Pride and industry

bajaninny20130517I am Bajan. I mek light dumplings, eat flying fish that come from Trinidad, and drink cocoa tea.

There are still many things that we do and say that are authentically Bajan. We boil our dumplings and make them light. Jamaicans fry their dumplings. But, there are other parts of culture — values and customs — that are not so clearly identifiable.

These sounds of “tuk” are themes of our identity that must be revisited, retold, retained, and respected, otherwise the continual disappearance of the boundaries that once isolated and protected a country’s culture, will place the identity of the community, at risk.

So here is another story.

About three years ago, at church, I met one of the customer service representatives who walked and talked like a Bajan knight, who recited the names of several Bajan cricketers and playing fields, and, who went to school in Barbados and Trinidad.

Recently, after the 8:30 a.m. service, our paths crossed in the bookstore. Frederick Hall was at his post — the second for the day — managing the flow of the line to the registers. He was shifting his weight from his left foot, unto his right foot, and back again. Clearly, something was afoot.

At one point, he stretched his right foot, and revealed the razor sharp seam of his fawn pants, a hallmark of one who dresses well. Freddie was more than that. He was well dressed and as usual was wearing well tailored suits with matching ties and shoes.

I then asked him: “Where do you shop?”

Listen to his response:

“To be honest, I don’t have a specific place to shop. Most of my suits are tailored. My thing is simply this: whatever you do, you must have pride in it. That’s all I know. But I will still say thank you.”

Freddie had just restated in part, our motto — Pride and Industry. A feature which is mandated for all Christian Culture Centre church workers, and who must complete extensive training courses before performing any duty in the church.

When he wrote his name and address for me, the shapes of the letters F, M, and L all had the flourish of the handwriting that was taught in Bajan primary schools.

Freddie, is a first cousin of Sir Wes. He is from Fairfield land, Tudor Bridge, St. Michael and like Sir Wes, received his primary education at Wesley Hall Boys School. He immigrated to Trinidad with his parents and attended Mucara Boys, a Roman Catholic High school.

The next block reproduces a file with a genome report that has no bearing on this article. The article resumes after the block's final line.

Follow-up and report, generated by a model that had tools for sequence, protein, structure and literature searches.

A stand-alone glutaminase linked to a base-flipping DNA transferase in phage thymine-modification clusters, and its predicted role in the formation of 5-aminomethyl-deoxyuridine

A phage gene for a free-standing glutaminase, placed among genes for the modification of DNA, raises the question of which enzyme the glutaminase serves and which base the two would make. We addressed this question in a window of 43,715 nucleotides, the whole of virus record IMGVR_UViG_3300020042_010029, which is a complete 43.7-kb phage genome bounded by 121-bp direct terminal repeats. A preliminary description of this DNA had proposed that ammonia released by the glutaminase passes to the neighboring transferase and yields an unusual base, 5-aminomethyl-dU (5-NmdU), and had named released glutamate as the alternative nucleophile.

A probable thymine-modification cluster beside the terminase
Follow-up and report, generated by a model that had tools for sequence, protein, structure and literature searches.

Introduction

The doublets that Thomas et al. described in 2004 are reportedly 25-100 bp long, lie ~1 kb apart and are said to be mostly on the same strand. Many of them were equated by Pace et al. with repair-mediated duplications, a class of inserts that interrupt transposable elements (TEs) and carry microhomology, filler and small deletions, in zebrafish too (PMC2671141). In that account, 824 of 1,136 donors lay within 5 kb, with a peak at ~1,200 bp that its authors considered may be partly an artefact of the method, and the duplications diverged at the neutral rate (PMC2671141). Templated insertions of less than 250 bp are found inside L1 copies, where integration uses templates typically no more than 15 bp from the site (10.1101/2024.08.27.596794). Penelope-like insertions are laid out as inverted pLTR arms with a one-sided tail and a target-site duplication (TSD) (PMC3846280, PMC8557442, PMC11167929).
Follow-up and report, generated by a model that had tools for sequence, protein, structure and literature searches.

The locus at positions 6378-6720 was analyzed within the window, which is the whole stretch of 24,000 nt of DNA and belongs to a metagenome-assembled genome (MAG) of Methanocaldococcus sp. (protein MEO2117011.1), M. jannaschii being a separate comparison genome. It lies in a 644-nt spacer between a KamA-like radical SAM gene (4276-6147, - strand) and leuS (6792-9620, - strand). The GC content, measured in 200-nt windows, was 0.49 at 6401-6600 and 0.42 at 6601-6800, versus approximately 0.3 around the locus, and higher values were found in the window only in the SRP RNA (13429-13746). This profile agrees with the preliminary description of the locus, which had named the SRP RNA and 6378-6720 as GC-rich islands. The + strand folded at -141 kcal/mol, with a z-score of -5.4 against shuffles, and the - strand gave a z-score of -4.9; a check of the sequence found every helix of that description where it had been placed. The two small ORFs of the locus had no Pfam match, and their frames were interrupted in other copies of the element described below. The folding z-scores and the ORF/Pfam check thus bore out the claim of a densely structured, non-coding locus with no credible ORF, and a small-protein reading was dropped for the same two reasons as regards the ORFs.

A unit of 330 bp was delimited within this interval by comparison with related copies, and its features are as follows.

Freddie, who is tall and athletic, stated that his big dream was to play cricket for the West Indies. He has fond memories of playing cricket for WIBIX and recalled how for additional practice, he went to Queen’s Park on evenings and practised with the Police and Spartan cricket teams.

Listen to another part of his story:

“Look, I played cricket with Tall Boy (Norman Holder) and “Blimme” Francis. And then you had at Police – the Bradshaws, Oliver Broome, and Maxwell. At that time, Rock was playing for Empire and Victor Jemmott at Spartan. In Trinidad I was coached by Joey Carew and Sir Frank.”

He paused and directed another three persons unto the line. Then, spoke of the contribution and work of Sir Wes in Trinidad, including the Wesley Hall League and another programme for poor kids.

Now listen to Sir Wes, from his Cane Garden, St. Thomas, home:

“Freddie is my cousin. He is good people. The programme for kids of which he speaks was formed by Father Pantin and me. It is called SERVOL and unfortunately very few Barbadians are aware of the work which I did in Trinidad. One day soon, the story of the contribution of West Indian cricketers will be told.”

According to a current UNESCO website we now know:

“Service Volunteered for All is a community development, social empowerment and educational NGO that emerged during the social upheavals of the 1970s in Trinidad and Tobago.

“The entrenched structural socio-economic inequalities and the resultant deplorable living conditions and high unemployment and poverty rates among the poor majority (which had partly precipitated the social upheavals of the 1970s) prompted Fr. Gerard Pantin, a Roman Catholic priest and Mr. Wes Hall, a Barbadian cricketer, to establish SERVOL.

“Since then, SERVOL has been implementing intergenerational, family and community-based life and vocational skills training, enterprise development, psychosocial counselling, educational and empowerment projects in disadvantaged and marginalised urban and rural communities.”

Freddie is not the only well dressed service represented at Christian Culture Centre, a Brooklyn Mega Church. Nor is he the only one who exhibits pride in what he does. There are many other Caribbean and Barbadians who attend this church. What is significant is the importance that is attached to understanding of and the role of culture.

It is therefore no accident that the church has grown from a small church in a garage to 30,000 members in 35 years. We sing our anthem daily. For how long will its words fall on deaf ears? When will we see evidence of our motto in everything that we do?

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